Embracing the Rights of the Child: The US must Prioritize and Ratify
On December 10, 1948, in San Francisco, in the aftermath of the most brutal war the world had ever seen, a group of delegates gathered to sign the Universal Declaration of Human Rights, a simple 30-article document outlining the basic rights to which all humanity is entitled and which all governments should respect, protect, and fulfill. Over the years, the principles of this Declaration have been fleshed out by more detailed treaties called Conventions. No Convention has more universal endorsement (at least on paper) than the Convention of the Rights of the Child (CRC), ratified by every country in the world – except the United States.
This does not mean that children are worse off in the U.S. than anywhere else; indeed, U.S. diplomats, serving under President Ronald Reagan, were active participants in drafting this Convention, which was signed under President Clinton in 1995. But it has never been submitted to the U.S. Senate for ratification, and is not likely to be submitted unless and until there are significant political changes.
The CRC includes many principles already enshrined in U.S. law, but in the area of criminal justice, the U.S. falls short.
Article 37 of the CRC requires that “every child deprived of liberty shall be separated from adults unless it is considered in the child's best interest not to do so”. This principle is reflected in the Prison Rape Elimination Act (PREA) regulation known as the Youthful Inmate Standard, which mandates that all children under 18 be kept separate from adults in prisons and jails, but in practice implementation of this standard has been spotty and incomplete. Still, its very existence is a positive sign.
While the Youthful Inmate Standard has helped to accelerate states removing youth from adult facilities, the federal penalties only apply to state-run facilities, exempting jails from federal penalties. Unfortunately, this has led to too many youth under age 18 committing suicide in adult jails; where more than 4000 children sleep every night across the US. Furthermore, while states are moving in the right direction on compliance with PREA, less than half of the states (19) are in compliance; leaving children in non-compliant states still lacking protection when in adult prisons.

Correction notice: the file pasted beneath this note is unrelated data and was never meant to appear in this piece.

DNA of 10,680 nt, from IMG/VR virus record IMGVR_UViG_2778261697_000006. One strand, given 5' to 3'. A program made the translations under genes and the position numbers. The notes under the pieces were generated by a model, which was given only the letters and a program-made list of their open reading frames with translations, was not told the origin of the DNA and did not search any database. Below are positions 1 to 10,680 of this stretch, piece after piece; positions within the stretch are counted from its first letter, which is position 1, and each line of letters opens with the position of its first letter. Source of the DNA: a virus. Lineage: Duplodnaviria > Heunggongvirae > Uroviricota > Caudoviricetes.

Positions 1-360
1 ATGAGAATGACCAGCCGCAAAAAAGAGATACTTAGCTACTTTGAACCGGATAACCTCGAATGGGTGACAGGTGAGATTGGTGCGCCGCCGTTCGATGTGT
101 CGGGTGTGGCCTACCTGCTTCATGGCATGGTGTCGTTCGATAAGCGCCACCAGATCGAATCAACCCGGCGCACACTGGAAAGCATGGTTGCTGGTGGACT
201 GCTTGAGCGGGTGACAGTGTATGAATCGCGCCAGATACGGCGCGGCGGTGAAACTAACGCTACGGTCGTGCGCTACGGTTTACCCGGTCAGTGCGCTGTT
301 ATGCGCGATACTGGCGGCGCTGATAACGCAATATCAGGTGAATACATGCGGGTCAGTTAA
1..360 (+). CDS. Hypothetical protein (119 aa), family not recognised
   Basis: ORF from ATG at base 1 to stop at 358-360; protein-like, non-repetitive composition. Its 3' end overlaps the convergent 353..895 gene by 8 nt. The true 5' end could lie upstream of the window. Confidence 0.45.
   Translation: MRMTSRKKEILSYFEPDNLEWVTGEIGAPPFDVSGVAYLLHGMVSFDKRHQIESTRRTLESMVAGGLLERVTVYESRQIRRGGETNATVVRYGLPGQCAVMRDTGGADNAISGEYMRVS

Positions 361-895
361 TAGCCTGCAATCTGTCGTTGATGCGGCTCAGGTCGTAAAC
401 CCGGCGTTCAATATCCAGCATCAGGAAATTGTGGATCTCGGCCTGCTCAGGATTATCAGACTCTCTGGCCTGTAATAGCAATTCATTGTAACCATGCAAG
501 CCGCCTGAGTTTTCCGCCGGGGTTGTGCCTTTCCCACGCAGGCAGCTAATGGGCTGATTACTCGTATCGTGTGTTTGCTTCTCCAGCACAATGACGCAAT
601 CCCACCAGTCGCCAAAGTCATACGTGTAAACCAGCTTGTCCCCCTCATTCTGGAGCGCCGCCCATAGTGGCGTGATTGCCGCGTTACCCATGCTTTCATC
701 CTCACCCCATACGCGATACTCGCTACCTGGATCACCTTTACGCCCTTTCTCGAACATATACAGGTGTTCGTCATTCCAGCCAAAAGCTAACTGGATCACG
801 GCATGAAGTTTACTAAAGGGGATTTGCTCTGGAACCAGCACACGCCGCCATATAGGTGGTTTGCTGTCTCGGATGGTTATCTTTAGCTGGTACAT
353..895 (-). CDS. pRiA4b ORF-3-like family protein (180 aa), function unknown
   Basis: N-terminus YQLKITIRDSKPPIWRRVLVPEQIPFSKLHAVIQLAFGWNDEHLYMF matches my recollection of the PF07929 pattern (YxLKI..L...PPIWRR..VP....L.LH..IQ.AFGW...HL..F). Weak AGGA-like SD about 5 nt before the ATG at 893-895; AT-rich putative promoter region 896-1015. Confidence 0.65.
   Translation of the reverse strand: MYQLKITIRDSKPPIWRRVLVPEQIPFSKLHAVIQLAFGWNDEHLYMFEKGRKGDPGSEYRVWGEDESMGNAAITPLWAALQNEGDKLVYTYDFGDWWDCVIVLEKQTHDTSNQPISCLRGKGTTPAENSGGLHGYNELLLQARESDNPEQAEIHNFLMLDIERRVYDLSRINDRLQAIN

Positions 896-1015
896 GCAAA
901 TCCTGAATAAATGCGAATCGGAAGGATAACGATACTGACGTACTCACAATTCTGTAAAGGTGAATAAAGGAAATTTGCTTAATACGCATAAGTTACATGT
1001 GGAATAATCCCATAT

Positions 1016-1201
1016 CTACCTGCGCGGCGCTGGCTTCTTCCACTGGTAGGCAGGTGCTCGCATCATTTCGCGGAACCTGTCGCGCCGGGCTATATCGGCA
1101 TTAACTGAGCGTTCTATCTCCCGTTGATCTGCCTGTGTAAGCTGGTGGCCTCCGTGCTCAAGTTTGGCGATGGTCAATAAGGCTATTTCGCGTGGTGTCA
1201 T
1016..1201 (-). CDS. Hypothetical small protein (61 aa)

Article 37 also bans the sentencing of juveniles to life without parole. This cruel practice is employed in the U.S. and nowhere else, but thankfully is being viewed with increasing skepticism by U.S. courts, including the Supreme Court. In response, 28 states and Washington, D.C., have reformed their juvenile life without parole statutes. Thirty states still have juvenile life without parole on the books as a sentencing option, and many more still allow “virtual life” sentences, allowing for parole review only after the first 25 years served.
Article 40 requires that “States Parties shall seek to promote the … establishment of a minimum age below which children shall be presumed not to have the capacity to infringe the penal law”. It does not say that age should be 18 (it should), but most countries have some minimum age under which children cannot be charged criminally. Some U.S. states do as well, but 25 states have no minimum age at all, making the U.S. one of only a handful of countries in which a child of any age can, theoretically, be held criminally responsible. Still, states that have treated all 16 or 17 year olds as adults, but have in recent years raised the age to 18, have certainly fulfilled the spirit of this requirement by keeping large numbers of children out of the adult criminal justice system.
There is no reason the United States cannot meet the obligations of the CRC despite not actually ratifying the treaty. In terms of children in the criminal justice system, thanks to the tireless work of advocates and litigators at the state level, there is slow, halting, but clear progress in the right direction. These lawyers and advocates are human rights defenders and on this 69th Human Rights Day should be celebrated.